UVA Health researchers probing the causes of coronary artery disease have identified critical biological processes that can go wrong inside the linings of blood vessels and contribute to the dangerous plaque buildup responsible for the disease.
The discovery provides new targets for scientists looking for better ways to treat and prevent the disease.
Coronary artery disease is the nation’s No. 1 killer and responsible for 25% of deaths in the United States. More than 600,000 Americans die from the disease every year and more than 17 million die from it worldwide.
“Smooth muscle cells that make up the bulk of our blood vessels play important roles in coronary artery disease. They undergo pathological transformations as the disease develops inside our arteries,” said researcher Mete Civelek, of the University of Virginia School of Medicine’s Center for Public Health Genomics and the Department of Biomedical Engineering.
“Our results point to a previously underappreciated role for metabolic pathways during this pathological transformation,” he said.
Civelek and his team wanted to unravel a longstanding mystery about the behavior of smooth muscle cells during plaque formation. These cells, which line blood vessels, protect the body during plaque formation by building stabilizing caps over the plaque that prevent the lesions from breaking loose and causing strokes.
But sometimes smooth muscle cells begin to accelerate the plaque development and spur the progression of the disease, scientists believe.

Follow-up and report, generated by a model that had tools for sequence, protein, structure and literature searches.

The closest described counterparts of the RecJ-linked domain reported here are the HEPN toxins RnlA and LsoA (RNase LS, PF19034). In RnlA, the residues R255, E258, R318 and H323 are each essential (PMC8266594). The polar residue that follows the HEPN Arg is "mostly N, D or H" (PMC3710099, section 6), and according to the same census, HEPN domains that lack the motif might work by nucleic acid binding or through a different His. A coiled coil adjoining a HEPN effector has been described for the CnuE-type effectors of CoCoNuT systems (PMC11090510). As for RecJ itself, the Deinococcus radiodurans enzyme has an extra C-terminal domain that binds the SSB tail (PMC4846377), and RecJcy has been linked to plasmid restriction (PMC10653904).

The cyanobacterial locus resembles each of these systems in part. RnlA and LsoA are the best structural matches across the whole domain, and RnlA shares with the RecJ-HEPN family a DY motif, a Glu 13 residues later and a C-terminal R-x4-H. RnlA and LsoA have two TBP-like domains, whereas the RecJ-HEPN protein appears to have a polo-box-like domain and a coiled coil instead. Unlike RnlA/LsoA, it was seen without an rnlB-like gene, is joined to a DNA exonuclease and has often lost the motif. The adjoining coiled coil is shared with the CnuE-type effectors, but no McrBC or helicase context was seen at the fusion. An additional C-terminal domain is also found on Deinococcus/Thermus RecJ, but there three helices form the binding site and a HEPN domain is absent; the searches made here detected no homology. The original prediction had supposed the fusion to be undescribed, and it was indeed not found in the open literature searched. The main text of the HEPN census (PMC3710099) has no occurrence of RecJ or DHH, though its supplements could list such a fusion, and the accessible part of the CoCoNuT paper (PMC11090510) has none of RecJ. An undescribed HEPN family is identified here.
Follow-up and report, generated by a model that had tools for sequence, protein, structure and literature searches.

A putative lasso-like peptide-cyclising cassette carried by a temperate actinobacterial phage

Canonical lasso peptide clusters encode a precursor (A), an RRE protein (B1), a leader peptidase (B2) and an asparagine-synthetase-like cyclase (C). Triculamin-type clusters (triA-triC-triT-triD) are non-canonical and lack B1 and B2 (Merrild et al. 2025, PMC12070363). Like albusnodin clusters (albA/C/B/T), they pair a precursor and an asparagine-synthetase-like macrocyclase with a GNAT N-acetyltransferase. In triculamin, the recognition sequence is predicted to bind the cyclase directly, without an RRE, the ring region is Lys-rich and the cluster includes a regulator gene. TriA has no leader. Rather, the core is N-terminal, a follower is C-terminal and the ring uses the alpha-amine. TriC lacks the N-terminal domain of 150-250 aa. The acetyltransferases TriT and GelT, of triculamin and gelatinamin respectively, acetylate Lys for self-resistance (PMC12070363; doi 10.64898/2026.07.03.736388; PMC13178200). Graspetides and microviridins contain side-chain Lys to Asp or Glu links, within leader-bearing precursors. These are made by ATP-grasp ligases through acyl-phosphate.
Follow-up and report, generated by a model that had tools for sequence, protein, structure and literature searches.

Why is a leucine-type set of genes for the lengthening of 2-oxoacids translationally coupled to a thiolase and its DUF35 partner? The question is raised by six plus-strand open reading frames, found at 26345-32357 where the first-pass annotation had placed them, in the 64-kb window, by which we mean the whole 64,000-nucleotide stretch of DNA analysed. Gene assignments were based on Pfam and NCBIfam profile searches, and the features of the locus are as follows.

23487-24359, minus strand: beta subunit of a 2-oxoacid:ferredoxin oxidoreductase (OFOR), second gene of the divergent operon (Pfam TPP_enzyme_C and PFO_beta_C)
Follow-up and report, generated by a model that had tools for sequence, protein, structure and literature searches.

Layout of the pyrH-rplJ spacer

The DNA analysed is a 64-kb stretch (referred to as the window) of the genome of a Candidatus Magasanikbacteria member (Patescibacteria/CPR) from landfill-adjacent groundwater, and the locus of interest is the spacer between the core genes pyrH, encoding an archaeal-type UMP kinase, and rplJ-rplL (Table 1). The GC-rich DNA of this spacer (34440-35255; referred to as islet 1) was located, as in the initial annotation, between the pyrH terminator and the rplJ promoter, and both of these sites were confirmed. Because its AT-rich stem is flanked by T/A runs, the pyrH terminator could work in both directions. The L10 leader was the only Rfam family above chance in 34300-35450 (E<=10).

Civelek’s new discovery helps explain why. Noah Perry, a doctoral student on Civelek’s team, analyzed smooth muscle cells collected from 151 heart transplant donors and used a sophisticated approach to identify genes responsible for the smooth muscle cells’ behavior.
After initially identifying 86 groups of genes, the researchers focused in on 18 groups that could explain the mysterious behavior. Their analysis suggested that the smooth muscle cells’ shift to the dark side of health might stem from problems with how the cells use nitrogen and glycogen. Glycogen is how the body stores the sugar glucose.
The researchers identified a particular sugar, mannose, that may be contributing to the problems, potentially even triggering them. But determining that, the scientists say, will require more research.
“The metabolic shift in the cells as they transition to a disease state can point to points of intervention and therapy,” said Perry, of UVA’s Department of Biomedical Engineering, the lead author of the study.
By better understanding what triggers the smooth muscle cells to become harmful, Civelek says, doctors may be able to develop ways to prevent that from happening. That could open the door to new ways to treat and prevent coronary artery disease.
“Coronary artery disease is still the leading cause of death worldwide,” Civelek said. “Although cholesterol-lowering therapies and blood pressure control have been very effective tools to prevent deaths from heart attacks, we still need more targets to reduce the suffering of patients and their families from this devastating disease.”
The researchers published their findings in the scientific journal Circulation: Genomic and Precision Medicine. The research team consisted of Perry, Diana Albarracin, Redouane Aherrahrou and Civelek. The researchers have no financial interest in the work.
The research was supported by the National Institutes of Health, grants T32 HL007284, F31 HL165772 and R01 HL166428; American Heart Association Postdoctoral Fellowship 18POST33990046; Transformational Project Award 19TPA34910021; and International Network of Excellence Award 22CVD04 from Foundation Leducq.
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